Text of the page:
Re: [MLS] Optimizing Unmerged Leaves (or: bringing the MLS tree size back to O(n))

Théophile Wallez <> Mon, 21 June 2021 11:14 UTC

Return-Path: <>
Received: from localhost (localhost []) by (Postfix) with ESMTP id 69DBB3A0417 for <>; Mon, 21 Jun 2021 04:14:17 -0700 (PDT)
X-Virus-Scanned: amavisd-new at
X-Spam-Flag: NO
X-Spam-Score: -0.333
X-Spam-Status: No, score=-0.333 tagged_above=-999 required=5 tests=[HTML_MESSAGE=0.001, NICE_REPLY_A=-0.338, RCVD_IN_DNSWL_BLOCKED=0.001, RCVD_IN_MSPIKE_H3=0.001, RCVD_IN_MSPIKE_WL=0.001, SPF_HELO_NONE=0.001, SPF_PASS=-0.001, URIBL_BLOCKED=0.001] autolearn=ham autolearn_force=no
Received: from ([]) by localhost ( []) (amavisd-new, port 10024) with ESMTP id k2bxccYXOeol for <>; Mon, 21 Jun 2021 04:14:12 -0700 (PDT)
Received: from ( []) (using TLSv1.2 with cipher ECDHE-RSA-AES256-GCM-SHA384 (256/256 bits)) (No client certificate requested) by (Postfix) with ESMTPS id 78D5F3A040C for <>; Mon, 21 Jun 2021 04:14:11 -0700 (PDT)
IronPort-HdrOrdr: =?us-ascii?q?A9a23=3Attii+6E6Q6XnTL74pLqE2ceALOsnbusQ8zAX?= =?us-ascii?q?Po5KKCC9E/bo8PxG+c5w6faaslossR0b9uxofZPwIk80lqQFhbX5X43DYOCOgg?= =?us-ascii?q?LBR+xfBMnZsl/d8kbFh4tgPNJbAtND4arLfCBHZKjBjjVQa+xQueVvp5rY49vj?= =?us-ascii?q?8w=3D=3D?=
X-IronPort-AV: E=Sophos;i="5.83,289,1616454000"; d="scan'208,217";a="385669634"
Received: from unknown (HELO []) ([]) by with ESMTP/TLS/AES256-GCM-SHA384; 21 Jun 2021 13:14:09 +0200
To: Raphael Robert <>
Cc: MLS List <>
References: <> <> <> <> <> <>
From: =?UTF-8?Q?Th=c3=a9ophile_Wallez?= <>
Message-ID: <>
Date: Mon, 21 Jun 2021 13:14:09 +0200
User-Agent: Mozilla/5.0 (X11; Linux x86_64; rv:78.0) Gecko/20100101 Thunderbird/78.11.0
MIME-Version: 1.0
In-Reply-To: <>
Content-Type: multipart/alternative; boundary="------------99814DA93854DDF8DE8746EF"
Content-Language: en-US
Archived-At: <>
Subject: Re: [MLS] Optimizing Unmerged Leaves (or: bringing the MLS tree size back to O(n))
X-Mailman-Version: 2.1.29
Precedence: list
List-Id: Messaging Layer Security <>
List-Unsubscribe: <>, <>
List-Archive: <>
List-Post: <>
List-Help: <>
List-Subscribe: <>, <>
X-List-Received-Date: Mon, 21 Jun 2021 11:14:17 -0000

Hi and sorry for the late answer,

I'll also respond inline:

On 22/05/2021 12:14, Raphael Robert wrote:
>> On 21. May 2021, at 16:59, Karthik Bhargavan 
>> < 
>> <>> wrote:
>> Solution 1
>> —————
>> One possibility, close to the current MLS spec would be to not store 
>> the unmerged leaf at a node if it is already stored at the parent.
>> This way, every leaf is present at most once in some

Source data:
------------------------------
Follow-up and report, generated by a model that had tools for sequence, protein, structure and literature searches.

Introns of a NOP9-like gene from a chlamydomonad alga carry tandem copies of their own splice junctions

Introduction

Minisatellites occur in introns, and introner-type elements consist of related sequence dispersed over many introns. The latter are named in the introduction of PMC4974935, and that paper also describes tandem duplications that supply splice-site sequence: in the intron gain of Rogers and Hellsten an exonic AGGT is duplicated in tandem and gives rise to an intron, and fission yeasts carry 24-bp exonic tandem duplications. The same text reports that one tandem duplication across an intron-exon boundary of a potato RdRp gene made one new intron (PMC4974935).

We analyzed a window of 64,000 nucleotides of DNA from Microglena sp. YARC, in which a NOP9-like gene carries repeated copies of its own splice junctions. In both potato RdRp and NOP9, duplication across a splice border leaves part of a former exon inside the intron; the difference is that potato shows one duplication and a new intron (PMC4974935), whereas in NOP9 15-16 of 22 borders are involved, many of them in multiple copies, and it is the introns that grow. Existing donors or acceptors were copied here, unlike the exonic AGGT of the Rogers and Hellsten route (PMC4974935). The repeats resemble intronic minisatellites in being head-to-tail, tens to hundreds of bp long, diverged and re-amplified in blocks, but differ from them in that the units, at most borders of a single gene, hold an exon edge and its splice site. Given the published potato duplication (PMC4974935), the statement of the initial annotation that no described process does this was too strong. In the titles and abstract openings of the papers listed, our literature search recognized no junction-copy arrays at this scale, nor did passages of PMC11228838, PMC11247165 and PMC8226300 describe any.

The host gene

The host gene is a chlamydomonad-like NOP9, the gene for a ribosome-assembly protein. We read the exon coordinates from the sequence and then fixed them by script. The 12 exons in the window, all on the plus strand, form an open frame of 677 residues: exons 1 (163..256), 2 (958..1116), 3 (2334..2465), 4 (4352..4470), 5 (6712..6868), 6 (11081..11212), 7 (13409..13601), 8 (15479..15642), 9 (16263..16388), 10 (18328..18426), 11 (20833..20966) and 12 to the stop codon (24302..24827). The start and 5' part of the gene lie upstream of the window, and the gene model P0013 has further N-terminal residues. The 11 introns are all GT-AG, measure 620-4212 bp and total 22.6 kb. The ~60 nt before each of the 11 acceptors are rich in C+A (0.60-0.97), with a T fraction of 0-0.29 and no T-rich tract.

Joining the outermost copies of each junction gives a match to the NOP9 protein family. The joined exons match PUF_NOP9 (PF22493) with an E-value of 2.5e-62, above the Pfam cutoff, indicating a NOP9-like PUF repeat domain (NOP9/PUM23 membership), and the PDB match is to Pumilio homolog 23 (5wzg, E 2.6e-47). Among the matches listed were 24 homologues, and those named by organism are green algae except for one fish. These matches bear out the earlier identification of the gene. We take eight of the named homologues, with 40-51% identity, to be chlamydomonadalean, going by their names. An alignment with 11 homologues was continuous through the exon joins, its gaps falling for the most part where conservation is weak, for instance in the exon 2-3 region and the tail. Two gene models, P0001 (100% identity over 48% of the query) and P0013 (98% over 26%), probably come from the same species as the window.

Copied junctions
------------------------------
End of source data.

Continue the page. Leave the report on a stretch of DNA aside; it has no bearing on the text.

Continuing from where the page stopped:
>> `unmerged_leaves` array.
>> In the worst case, this uses 4*n + 4*(n/2) = 6*n bytes (4*n for the 
>> `unmerged_leaves` array size, 4*(n/2) because at most n/2 leaves are 
>> stored in the `unmerged_leaves` arrays).
>> In the best case, this uses 4*n bytes.
>> The tree resolution algorithm will now have to do a little more 
>> calculation to re-compute the unmerged leaves at each node.
> This sounds rather straight forward on a logical level. It clearly 
> reduces the stored/transmitted payload size, but it introduces a new 
> cost: previously only O(log n) nodes needed to be modified during an 
> Update/Remove. Now we might have to “push down” the book keeping 
> information from parents to children, in the worst case this affects 
> n/2 nodes, so the cost of modifying nodes goes up to O(n).
> If we consider a very large group, there would be a measurable 
> difference when clients load/store nodes from/to disk.
> My current intuition is that currently I/O operations can be done in 
> O(log n) with clever parent hash caching. The worst case here would be 
> the following: A client is a member of a large group and has been 
> offline for a while (which is not a far fetched scenario). The client 
> now comes online and has to process a large number of handshake 
> messages. For robustness, the client might be inclined to frequently 
> persist the intermediary state. This is where the I/O cost kicks in.

Indeed, when "pushing down" the unmerged leaves, if it is pushed down to 
a blank node, we might have to modify more than O(log n) nodes. This 
could be solved by storing unmerged leaves in blank nodes, but it is 
starting to get quite ugly.

>> Solution 2+
>> —————
>> However, if we wish to compress further, we can do so as well, using 
>> two facts:
>> - if a node `n` has two children `l` and `r`, then 
>> n.last_update_epoch is equal to either l.last_update_epoch or 
>> r.last_update_epoch,
>> - if `l` is unmerged for some node then l.creation_epoch = 
>> l.last_update_epoch (because in this case, the leaf never generated 
>> an UpdatePath) (the converse is not true, for example in the case 
>> when its sibling generates an UpdatePath).
>> So at each node, we can store the direction from which the node was 
>> last updated (for example with a boolean flag), then given any node 
>> `n` we can "follow the path" down the tree to obtain a leaf `l`, and 
>> we have n.last_update_epoch = l.last_update_epoch.
>> Furthermore, we don't need to store the creation epoch for leaves:
>> - if `l` is unmerged for `n`, then n.last_update_epoch < 
>> l.creation_epoch = l.last_update_epoch,
>> - if `l` is not unmerged for `n`, then n.last_update_epoch >= 
>> l.last_update_epoch (because when `l` is updated, it updates all the 
>> nodes above it).
>> This uses 8*n + 1*n = 9*n bytes for the whole tree.
> I didn’t check all the ramifications here tbh. I think it is similar 
> to solution 1 in terms of increased I/O cost.

Actually, there is no "pushing down" here, when modifying nodes on a 
path from leaf to the root, only those nodes are modified (we update the 
direction of the parent nodes in the path, and update the last update 
epoch of the leaf), so the I/O cost is actually O(log n).

Thank you for your comments,